Into the Shelter of Dark Caves


Amy Riddell, Two Poems
( Florida )

Hope bites the tongue
like the pomegranate's seed,
sweet pulp, bitter core.

Desire, that round and hairy kiwi, rots
in the crisper drawer.

Poets wring their hands.

The elements forget;
wind drowses, water sleeps;
no fire speaks from the beggar's ashcan.

No birth from any blood.

In Celebration of Fifteen Years

Jon, the preacher says
in God’s eyes 
marriage joins two souls 
into one. You don’t believe 
in any preacher’s God, 
but I am part of you. 
I am part of you. The blue ocean 
beats waves upon the shore, beats
the eternal give and take. 
Can you see that you are the continent
on which I have built my life, 
from which I unearth the deepest 
mysteries and the richest ore? 
You have given me
mountains. They rise up like a fortress.  
With you, I go into the shelter of dark caves.  
I find shelter. We know the breathing 
of the other in bed and we know
our voices whispering in the dark. 
We know the distance 
between us. 
When I am the faintest star 
in the night sky, you are the restful 
meadow, and when I am the meadow,
you are the star. 
Love holds us 
in its tight cocoon, a cosmos 
for butterfly wings. 

Yun Wang
( Norman, Oklahoma )
Black Roses

Periodicity of the universe is converted into electronic music
resounding in the marble ballroom.

Cosmologists gape at black dots on the screen, each dot 
the shrunken shadow of a galaxy.

Echoing static in the white room: repetitive great walls of galaxies. 
Periodicity of the universe.

* * *

Cold flames of fragrance
singe my senses.
My life evaporates
when I gaze into
these roses.
I make love to them
with my nose.

* * *

The man I admire has been dead for years,
could not unmake what he made
or revoke the labels 
he invented for poets without their knowledge.

An affair with a genius can go a long way.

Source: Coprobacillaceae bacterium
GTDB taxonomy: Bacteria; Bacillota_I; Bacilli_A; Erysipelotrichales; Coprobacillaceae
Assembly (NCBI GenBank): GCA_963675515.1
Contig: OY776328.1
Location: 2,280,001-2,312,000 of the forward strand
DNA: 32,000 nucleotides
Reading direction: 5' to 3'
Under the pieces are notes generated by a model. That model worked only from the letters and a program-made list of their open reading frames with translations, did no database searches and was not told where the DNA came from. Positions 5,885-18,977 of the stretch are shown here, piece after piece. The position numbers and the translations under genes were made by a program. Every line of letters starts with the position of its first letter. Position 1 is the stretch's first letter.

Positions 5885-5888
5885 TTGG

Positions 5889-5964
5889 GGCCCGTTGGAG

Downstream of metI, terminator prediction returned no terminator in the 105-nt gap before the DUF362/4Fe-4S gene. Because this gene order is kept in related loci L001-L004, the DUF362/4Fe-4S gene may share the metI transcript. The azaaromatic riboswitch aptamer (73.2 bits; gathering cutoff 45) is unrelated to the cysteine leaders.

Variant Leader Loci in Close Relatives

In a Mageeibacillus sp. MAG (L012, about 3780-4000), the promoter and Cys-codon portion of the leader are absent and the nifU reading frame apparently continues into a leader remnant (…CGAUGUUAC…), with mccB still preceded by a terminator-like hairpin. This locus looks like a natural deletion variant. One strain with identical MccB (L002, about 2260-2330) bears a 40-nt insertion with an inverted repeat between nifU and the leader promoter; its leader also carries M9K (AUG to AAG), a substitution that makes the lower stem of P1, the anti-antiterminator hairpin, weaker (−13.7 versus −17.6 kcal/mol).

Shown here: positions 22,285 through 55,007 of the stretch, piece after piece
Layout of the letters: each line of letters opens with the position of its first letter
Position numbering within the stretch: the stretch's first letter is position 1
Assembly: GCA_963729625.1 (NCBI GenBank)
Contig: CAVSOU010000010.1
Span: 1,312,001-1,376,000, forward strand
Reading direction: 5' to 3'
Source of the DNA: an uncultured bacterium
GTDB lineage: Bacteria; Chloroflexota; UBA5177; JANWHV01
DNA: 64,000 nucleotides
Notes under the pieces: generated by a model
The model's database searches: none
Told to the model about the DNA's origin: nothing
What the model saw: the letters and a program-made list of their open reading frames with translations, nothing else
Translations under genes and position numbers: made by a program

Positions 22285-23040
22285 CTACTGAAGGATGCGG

If one turns around soon enough
to bite the hand.

There must be God somewhere.
Maneuvers all that mess
into stars.
The case-worker leans back in his chair
crossing his fingers with authority.

* * *

"When you go for interviews, 
you have to be tough, and lie 
if have to. Assure them that you are 
a very dedicated cosmologist, 
so even if a child happens,
it would not affect your research."

* * *

Beneath these stars: many astrologers.
Two of them confronted her.
The man said listening to her voice was almost as good as
making love.
(the poison worked because she was serious)
The woman astrologer is fair
as a TV witch.
(sans the long black gown)

* * *

"I dislike the violence in this poem.
It's not like you -- the rape and the plunge
of dagger into someone's throat.
But I like this stanza --
I love the vultures.
When I die I want to be fed to the vultures."

* * *

"You know, it's the flower which victimizes
the insect," says the sexy aging nurse.
She reveals that "Happy Prince" (by Oscar Wilde) was written
by Hans Christian Anderson, who "hated children,"
"wrote the fairy tales to scare
the little monsters."

Somewhere church bells peal, interrupting
a ring of ardent poets.
Down the ebony street, an old lady pulls up her car.
Three towers topped by shining crosses
behind the ebony street.

Russell Ragsdale
( Almaty, Kazakhstan )

making a half-dream from reality